Delighted dad Mark Steadman kisses his wife Louise for the first time in four years – after being cured of a terrifying condition.
A squashed nerve had meant the slightest touch on his face caused agony.
Now surgeons have inserted Teflon in his skull to stop contact with a nearby artery which sparked the spasms.
Pain from Trigeminal Neuralgia, which affects 12 out of 100,000 people in the UK each year, is so intense nearly a third of victims resort to suicide.
Relieved father-of-three Mark, a probation officer, said: “I can’t say how wonderful it is to kiss Louise and my kids again.
“The disease destroyed my life, the pain is so debilitating you can’t do anything.
“Once I was at my parents’ house for dinner and before the spoon even got to my mouth I was on the floor in agony.
“It feels like you have been hit in the face with a bolt of lightning, or at it’s worst like a whole thunder storm has hit you.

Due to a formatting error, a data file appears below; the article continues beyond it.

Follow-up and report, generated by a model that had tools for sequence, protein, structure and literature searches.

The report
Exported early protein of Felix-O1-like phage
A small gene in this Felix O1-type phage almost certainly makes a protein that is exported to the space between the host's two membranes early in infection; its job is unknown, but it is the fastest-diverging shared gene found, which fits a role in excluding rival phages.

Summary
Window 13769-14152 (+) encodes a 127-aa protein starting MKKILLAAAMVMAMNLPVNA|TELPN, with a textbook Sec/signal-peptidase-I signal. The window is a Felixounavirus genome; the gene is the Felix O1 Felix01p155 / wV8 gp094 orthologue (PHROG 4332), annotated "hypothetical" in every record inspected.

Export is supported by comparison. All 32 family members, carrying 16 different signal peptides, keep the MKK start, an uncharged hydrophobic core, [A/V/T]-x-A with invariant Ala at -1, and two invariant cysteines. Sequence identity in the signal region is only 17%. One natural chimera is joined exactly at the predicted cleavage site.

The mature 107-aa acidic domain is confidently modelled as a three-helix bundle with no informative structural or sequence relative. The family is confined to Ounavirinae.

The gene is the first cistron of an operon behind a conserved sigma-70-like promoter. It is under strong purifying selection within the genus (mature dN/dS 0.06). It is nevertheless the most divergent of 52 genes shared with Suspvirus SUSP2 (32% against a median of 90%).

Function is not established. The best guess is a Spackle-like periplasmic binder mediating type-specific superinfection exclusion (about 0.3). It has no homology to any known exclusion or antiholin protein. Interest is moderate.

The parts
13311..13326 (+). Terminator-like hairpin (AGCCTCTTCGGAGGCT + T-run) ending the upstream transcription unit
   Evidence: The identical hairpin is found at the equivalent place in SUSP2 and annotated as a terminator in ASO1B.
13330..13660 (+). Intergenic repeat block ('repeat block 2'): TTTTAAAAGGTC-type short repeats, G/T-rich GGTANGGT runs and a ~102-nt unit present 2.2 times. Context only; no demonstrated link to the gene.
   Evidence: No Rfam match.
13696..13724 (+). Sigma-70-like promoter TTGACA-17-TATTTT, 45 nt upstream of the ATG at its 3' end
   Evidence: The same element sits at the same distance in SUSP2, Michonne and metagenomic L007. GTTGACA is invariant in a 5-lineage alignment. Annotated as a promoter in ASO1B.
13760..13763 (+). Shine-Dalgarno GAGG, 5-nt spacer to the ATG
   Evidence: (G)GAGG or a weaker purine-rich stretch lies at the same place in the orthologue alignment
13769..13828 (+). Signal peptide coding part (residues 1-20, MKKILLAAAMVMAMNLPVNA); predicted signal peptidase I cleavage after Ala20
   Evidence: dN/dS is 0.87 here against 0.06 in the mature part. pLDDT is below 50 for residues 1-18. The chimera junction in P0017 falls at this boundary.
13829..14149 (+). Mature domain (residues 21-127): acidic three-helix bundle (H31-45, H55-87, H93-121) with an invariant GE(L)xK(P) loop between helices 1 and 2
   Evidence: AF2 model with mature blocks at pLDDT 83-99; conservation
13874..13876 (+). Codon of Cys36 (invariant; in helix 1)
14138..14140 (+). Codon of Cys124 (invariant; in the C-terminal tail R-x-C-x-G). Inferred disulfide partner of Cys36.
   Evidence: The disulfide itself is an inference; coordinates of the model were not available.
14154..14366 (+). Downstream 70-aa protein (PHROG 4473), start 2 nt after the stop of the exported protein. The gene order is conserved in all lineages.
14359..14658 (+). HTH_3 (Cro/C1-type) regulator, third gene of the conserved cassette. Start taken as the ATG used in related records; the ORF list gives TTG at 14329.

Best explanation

“There were up to 250 attacks a day. Sometimes the pain would drop me to my knees, other times it would feel like all of my teeth on the right hand side were on fire.
“I had to take 50 pills a day which left me like a zombie.”
Mark, 38, from Kidderminster, Worcestershire, was left unable to go outside or even wash his face after being diagnosed with the condition in 2009.
But the gruelling six- hour operation at Birmingham’s Queen Elizabeth Hospital, should leave him free of pain for at least 10 years.
Louise, 35, said: “I can’t describe how good it is to have my husband back. I can’t stop kissing Mark now.”